When young athletes fantasize about themselves, they imagine the bottom of the ninth home run, the diving catch in the end zone or swishing the winning three at the buzzer.
Young boxers think of winning a world title with the picture-perfect knock-out punch, maybe even landing that devastating counter.
For Brooklyn’s Daniel “Miracle Man” Jacobs, the counter that almost ended his career – almost ended his life – was the ultimate “C,” cancer.
Jacobs beat a rare form of bone cancer, osteosarcoma. The tumor wrapped itself around his spine in 2011. He wasn’t supposed to walk, fight or maybe even live. Yet, after surgery at New York-Presbyterian Hospital in Manhattan, he had to learn to walk and fight all over again. He returned to the ring in late 2012 and here he is preparing for the second biggest fight of his career after cancer kept him out of the game for 19 months.
On Saturday, May 4, at the T-Mobile Arena in Las Vegas, Jacobs faces another “C” – Canelo Alvarez, 28, the world’s best middleweight and owner of the WBA and WBC middleweight titles. Jacobs owns the IBF version. “Can’t wait to bring the belts back to Brooklyn,” says the Brownsville native.
Yes, this is another unification bout, and Jacobs plans to add Canelo’s belts to his collection. The fight will be shown live on the streaming service DAZN (Da Zone), which charges $19.99 monthly or $99.99 for the year. Sure beats paying 70 bucks for the recent less-than-sterling Terence Crawford-Amir Kahn bout.
Jacobs (35-2; with 29 KOs) made his in mark in boxing as standout amateur, winning four New York Daily News Golden Gloves titles. He went on to capture the WBA middleweight belt in 2014. He made four successful defenses until he lost a unification bout to Gennady “Triple G” Golovkin (IBF/WBC/ WBA “Super” title) in a close decision in 2017. Jacobs won the IBF belt last October.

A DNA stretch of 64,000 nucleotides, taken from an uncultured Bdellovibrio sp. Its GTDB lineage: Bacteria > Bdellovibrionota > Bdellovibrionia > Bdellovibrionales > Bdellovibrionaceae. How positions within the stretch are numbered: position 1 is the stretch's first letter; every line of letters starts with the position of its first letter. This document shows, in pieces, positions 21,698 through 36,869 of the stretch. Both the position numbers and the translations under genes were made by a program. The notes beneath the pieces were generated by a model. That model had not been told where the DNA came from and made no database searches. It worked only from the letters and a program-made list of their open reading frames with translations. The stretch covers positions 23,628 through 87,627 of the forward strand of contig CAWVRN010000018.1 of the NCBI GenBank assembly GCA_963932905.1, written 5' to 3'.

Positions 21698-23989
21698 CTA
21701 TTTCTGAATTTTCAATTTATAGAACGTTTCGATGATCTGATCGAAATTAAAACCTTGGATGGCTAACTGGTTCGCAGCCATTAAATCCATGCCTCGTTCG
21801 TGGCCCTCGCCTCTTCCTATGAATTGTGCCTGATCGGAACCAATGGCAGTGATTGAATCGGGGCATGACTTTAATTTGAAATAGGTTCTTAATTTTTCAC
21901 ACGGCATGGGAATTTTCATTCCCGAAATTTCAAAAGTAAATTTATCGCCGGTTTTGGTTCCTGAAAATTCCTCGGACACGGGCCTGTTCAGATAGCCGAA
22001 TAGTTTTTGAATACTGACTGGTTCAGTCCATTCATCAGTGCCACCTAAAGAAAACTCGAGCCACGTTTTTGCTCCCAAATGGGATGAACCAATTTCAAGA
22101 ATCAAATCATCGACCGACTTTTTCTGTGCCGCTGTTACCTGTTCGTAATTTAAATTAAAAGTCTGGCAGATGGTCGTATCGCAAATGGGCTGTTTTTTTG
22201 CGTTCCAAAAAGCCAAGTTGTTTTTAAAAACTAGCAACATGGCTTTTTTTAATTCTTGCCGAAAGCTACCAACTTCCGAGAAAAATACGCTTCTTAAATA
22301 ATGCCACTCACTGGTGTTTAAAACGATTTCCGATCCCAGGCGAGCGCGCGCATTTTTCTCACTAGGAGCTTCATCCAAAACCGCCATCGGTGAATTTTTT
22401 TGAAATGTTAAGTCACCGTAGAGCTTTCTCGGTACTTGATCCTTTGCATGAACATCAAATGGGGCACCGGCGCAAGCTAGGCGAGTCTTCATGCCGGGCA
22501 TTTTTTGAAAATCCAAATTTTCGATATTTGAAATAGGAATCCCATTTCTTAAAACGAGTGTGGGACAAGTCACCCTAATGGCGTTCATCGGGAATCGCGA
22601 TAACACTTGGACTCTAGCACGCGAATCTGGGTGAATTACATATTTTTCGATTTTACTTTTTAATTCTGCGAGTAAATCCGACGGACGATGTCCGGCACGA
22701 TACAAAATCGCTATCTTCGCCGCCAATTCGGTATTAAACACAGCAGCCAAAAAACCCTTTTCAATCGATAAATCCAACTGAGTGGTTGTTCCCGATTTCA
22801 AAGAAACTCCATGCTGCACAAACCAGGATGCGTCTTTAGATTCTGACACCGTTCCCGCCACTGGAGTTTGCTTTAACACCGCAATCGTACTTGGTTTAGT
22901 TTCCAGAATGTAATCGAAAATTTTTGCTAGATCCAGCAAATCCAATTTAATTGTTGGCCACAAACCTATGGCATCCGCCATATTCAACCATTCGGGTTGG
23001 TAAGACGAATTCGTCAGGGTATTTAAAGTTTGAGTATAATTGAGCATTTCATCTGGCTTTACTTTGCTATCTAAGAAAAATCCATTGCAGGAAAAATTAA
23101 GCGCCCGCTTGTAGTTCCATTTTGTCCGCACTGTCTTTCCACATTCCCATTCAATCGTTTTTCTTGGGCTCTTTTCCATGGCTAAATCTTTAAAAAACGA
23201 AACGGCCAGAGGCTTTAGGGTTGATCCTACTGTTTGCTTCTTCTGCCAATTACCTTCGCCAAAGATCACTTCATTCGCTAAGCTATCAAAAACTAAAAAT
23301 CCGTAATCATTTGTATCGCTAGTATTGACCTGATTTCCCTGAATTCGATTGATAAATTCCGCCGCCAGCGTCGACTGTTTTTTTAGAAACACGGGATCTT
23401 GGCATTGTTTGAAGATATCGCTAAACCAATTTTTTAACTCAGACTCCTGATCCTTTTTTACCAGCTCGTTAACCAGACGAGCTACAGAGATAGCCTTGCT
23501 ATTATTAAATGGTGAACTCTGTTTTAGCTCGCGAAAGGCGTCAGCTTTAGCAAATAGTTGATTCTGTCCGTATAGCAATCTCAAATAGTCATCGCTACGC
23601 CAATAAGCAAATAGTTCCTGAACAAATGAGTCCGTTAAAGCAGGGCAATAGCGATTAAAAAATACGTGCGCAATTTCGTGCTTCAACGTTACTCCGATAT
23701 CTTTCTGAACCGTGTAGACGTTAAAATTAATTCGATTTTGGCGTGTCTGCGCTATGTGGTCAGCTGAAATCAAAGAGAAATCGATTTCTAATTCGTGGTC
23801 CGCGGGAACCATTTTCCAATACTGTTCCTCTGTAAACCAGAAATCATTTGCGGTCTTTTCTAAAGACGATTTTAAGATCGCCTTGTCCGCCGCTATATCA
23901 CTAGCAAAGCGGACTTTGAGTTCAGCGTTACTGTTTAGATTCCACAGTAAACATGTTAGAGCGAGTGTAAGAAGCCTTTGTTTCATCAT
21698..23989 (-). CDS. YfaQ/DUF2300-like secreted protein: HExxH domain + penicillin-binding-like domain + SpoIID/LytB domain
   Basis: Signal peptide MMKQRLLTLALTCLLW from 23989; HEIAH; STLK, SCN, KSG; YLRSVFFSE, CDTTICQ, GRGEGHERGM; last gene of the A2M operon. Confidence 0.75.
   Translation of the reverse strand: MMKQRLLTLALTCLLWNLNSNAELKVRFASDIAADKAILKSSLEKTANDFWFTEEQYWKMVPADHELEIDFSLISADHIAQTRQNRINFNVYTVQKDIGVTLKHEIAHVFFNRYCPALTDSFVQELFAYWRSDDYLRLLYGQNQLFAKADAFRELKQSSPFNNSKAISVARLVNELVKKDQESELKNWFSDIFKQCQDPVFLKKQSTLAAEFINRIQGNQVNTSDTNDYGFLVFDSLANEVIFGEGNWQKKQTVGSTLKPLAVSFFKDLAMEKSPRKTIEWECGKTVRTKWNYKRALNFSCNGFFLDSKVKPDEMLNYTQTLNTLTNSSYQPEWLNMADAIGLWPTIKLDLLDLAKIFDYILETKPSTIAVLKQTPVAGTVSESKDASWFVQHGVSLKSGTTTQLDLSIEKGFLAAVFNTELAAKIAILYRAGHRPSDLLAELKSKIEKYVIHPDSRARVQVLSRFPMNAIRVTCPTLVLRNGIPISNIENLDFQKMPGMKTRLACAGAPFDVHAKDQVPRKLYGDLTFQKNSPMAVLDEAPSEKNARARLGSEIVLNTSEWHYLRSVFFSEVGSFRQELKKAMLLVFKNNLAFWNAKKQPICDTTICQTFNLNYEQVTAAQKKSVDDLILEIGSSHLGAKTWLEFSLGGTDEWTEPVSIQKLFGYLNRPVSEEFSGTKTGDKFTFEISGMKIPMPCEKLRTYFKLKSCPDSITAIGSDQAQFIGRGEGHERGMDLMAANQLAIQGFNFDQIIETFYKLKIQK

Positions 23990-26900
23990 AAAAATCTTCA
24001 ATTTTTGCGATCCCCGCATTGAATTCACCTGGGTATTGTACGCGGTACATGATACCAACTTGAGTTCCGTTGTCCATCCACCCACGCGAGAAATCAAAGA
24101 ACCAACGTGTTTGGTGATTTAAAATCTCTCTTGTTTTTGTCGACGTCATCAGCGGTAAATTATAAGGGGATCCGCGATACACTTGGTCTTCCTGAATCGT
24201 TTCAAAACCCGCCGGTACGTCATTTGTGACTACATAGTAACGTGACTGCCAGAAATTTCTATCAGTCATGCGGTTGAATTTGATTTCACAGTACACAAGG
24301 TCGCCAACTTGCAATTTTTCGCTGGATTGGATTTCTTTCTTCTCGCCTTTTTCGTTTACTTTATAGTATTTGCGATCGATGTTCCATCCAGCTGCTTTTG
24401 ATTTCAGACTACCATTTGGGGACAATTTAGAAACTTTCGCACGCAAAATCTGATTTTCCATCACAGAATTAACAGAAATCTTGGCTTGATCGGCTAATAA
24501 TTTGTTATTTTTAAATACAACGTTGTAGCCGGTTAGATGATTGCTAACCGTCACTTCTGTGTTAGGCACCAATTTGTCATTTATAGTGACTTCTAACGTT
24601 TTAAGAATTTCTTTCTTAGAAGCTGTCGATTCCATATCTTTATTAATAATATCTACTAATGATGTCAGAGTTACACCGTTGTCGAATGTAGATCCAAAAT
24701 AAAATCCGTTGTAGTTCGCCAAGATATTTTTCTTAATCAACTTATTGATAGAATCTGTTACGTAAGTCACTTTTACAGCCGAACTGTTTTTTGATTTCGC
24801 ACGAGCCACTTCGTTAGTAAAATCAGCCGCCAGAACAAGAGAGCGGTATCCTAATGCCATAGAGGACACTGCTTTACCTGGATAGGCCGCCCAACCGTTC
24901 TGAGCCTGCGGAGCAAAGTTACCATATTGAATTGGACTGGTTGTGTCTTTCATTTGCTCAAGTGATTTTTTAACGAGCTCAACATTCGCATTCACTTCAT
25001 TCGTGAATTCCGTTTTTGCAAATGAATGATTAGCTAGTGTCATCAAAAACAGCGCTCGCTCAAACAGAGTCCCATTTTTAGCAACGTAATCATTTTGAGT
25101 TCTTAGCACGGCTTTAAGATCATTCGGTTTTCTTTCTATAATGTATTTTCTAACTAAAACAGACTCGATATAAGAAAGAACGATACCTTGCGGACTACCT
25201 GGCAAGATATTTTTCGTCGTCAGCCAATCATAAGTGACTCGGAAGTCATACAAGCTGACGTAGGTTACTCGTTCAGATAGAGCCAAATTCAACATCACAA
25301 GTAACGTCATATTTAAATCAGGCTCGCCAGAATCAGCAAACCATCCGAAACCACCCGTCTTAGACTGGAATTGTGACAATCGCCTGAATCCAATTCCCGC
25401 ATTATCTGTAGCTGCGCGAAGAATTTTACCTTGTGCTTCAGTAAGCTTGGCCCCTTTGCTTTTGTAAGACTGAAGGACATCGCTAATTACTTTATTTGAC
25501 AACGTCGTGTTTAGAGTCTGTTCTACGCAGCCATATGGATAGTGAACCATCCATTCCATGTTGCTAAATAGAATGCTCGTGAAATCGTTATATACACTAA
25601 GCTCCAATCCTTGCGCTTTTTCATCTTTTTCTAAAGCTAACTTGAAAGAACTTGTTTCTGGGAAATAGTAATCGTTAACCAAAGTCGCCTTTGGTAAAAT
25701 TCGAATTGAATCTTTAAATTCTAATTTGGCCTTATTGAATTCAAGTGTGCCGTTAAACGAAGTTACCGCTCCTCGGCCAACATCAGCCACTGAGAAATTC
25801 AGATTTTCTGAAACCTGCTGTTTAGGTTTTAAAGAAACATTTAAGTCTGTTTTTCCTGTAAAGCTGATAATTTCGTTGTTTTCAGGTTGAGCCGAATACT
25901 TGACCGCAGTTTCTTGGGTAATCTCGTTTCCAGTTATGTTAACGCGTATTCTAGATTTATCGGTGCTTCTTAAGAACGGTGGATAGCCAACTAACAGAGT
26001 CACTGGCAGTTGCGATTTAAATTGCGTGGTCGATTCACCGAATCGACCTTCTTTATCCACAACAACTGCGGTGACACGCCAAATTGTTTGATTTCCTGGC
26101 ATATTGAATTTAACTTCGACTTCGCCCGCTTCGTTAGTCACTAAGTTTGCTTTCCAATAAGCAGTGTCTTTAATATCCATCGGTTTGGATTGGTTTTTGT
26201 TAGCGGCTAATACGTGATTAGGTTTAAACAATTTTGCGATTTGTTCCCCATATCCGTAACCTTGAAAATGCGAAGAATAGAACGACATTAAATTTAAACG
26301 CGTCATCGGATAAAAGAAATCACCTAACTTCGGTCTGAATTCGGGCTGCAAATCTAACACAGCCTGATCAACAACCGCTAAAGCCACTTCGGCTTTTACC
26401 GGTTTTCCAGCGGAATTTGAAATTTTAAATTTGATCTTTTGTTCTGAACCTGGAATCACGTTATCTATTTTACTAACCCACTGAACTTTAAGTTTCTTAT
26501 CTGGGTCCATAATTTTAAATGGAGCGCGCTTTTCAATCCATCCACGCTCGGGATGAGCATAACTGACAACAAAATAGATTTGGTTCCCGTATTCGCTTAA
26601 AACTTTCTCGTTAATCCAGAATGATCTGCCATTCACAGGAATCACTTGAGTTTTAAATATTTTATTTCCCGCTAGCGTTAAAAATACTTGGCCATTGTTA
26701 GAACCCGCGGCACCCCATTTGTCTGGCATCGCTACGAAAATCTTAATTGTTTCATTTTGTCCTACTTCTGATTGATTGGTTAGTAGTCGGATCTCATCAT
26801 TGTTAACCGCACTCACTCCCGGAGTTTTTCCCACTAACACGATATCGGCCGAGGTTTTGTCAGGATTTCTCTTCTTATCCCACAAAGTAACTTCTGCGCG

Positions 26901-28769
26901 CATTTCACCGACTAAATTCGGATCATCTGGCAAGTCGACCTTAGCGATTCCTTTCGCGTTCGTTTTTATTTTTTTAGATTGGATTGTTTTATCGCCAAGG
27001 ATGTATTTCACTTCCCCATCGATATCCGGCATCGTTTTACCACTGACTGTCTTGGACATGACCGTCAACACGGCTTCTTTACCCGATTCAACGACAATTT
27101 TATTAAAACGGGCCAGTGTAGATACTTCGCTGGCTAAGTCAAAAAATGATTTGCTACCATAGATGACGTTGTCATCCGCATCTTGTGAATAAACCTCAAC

Canelo (51-1-2; 35 KOs), the face of boxing, captured the belts Jacobs didn’t with a majority decision over “GGG” last year after the two drew in their first fight in 2017.
He has also fought a who’s who of boxing talent in his career, with bouts against former champions Shane Mosley (W12), Floyd Mayweather, Jr. (L12), Miguel Cotto (W12), Amir Kahn (KO 6) and the draw and a win over Golovkin.
The Mexican-born Canelo also captured the WBA 154-pound title in his last fight against Rocky Fielding with a third round stoppage last December in Madison Square Garden.
The May 4 fight falls on Cinco de Mayo weekend, which is a mainstay for Canelo. He’s fought on or near that day many times and is relentless in the ring with good power.
But Jacobs isn’t worried in the least.
“From his skill set, he has no weaknesses,” says Jacobs from Las Vegas on a conference call with reporters, but quickly adds, “He has undereducated foot work and has a hard time with a moving target. We’ve created not only Plan A, Plan B and Plan C, but a few game plans to exploit Canelo’s weaknesses.
“I have the physical advantage. I have the reach (73-70½), height (5-11½-5-9), speed, power and ring IQ. I’m a different fighter since the last time I fought in Las Vegas.”
That visit didn’t turn out well for Jacobs.
He fought Dmitry Pirog for the vacant WBO middleweight crown in 2010. He was winning the fight, got caught and was stopped in round five.
“I was younger [23 then, 32 now],” he admits, “but now I have more skills and more strength. I’m prepping body and mind for this fight.”
“This fight with Canelo is nothing Danny is afraid of,” says long-time trainer Andre Rozier.
Besides, cancer is a more formidable opponent, and Jacobs has a hard-fought decision over that.
Jacobs’ manager Keith Connolly sees the continued growth in his charge fighting on another big stage.
“For the ‘GGG’ fight, there was a lot of nerves and trepidation for Danny,” says Connolly with his family in Florida prior to the fight. “He lost that fight, but rose to the occasion. Now he knows he’s been there already.
“He’s embraced this fight. He excited, but not overwhelmed. This fight is at the right time mentally for him. Six months ago this fight may not have been right for him.”
Jacobs has a legitimate chance to beat Canelo. Most boxing fans know Canelo is a beast in the ring, but he does have problems with fighters who have good footwork. Remember his loss to Mayweather, Jr.?
And Jacobs is not about to go toe-to-toe with Canelo. You do that and you lose by knockout.
A win over Canelo moves Jacobs into the pound-for-pound discussion of who is boxing’s best.
“I’ve never been vocal where I place myself in the pound-for-pound [list]. I’ve just been grateful that I’ll be able to be on the list,” says Jacobs, humble as ever. “My job is to go there and be the best fighter that I can be and let the fan and the boxing public choose where they place me.”
With a win over cancer and possibly one over Canelo, Jacobs you can be sure the fans with place him high on that list.
He deserves it.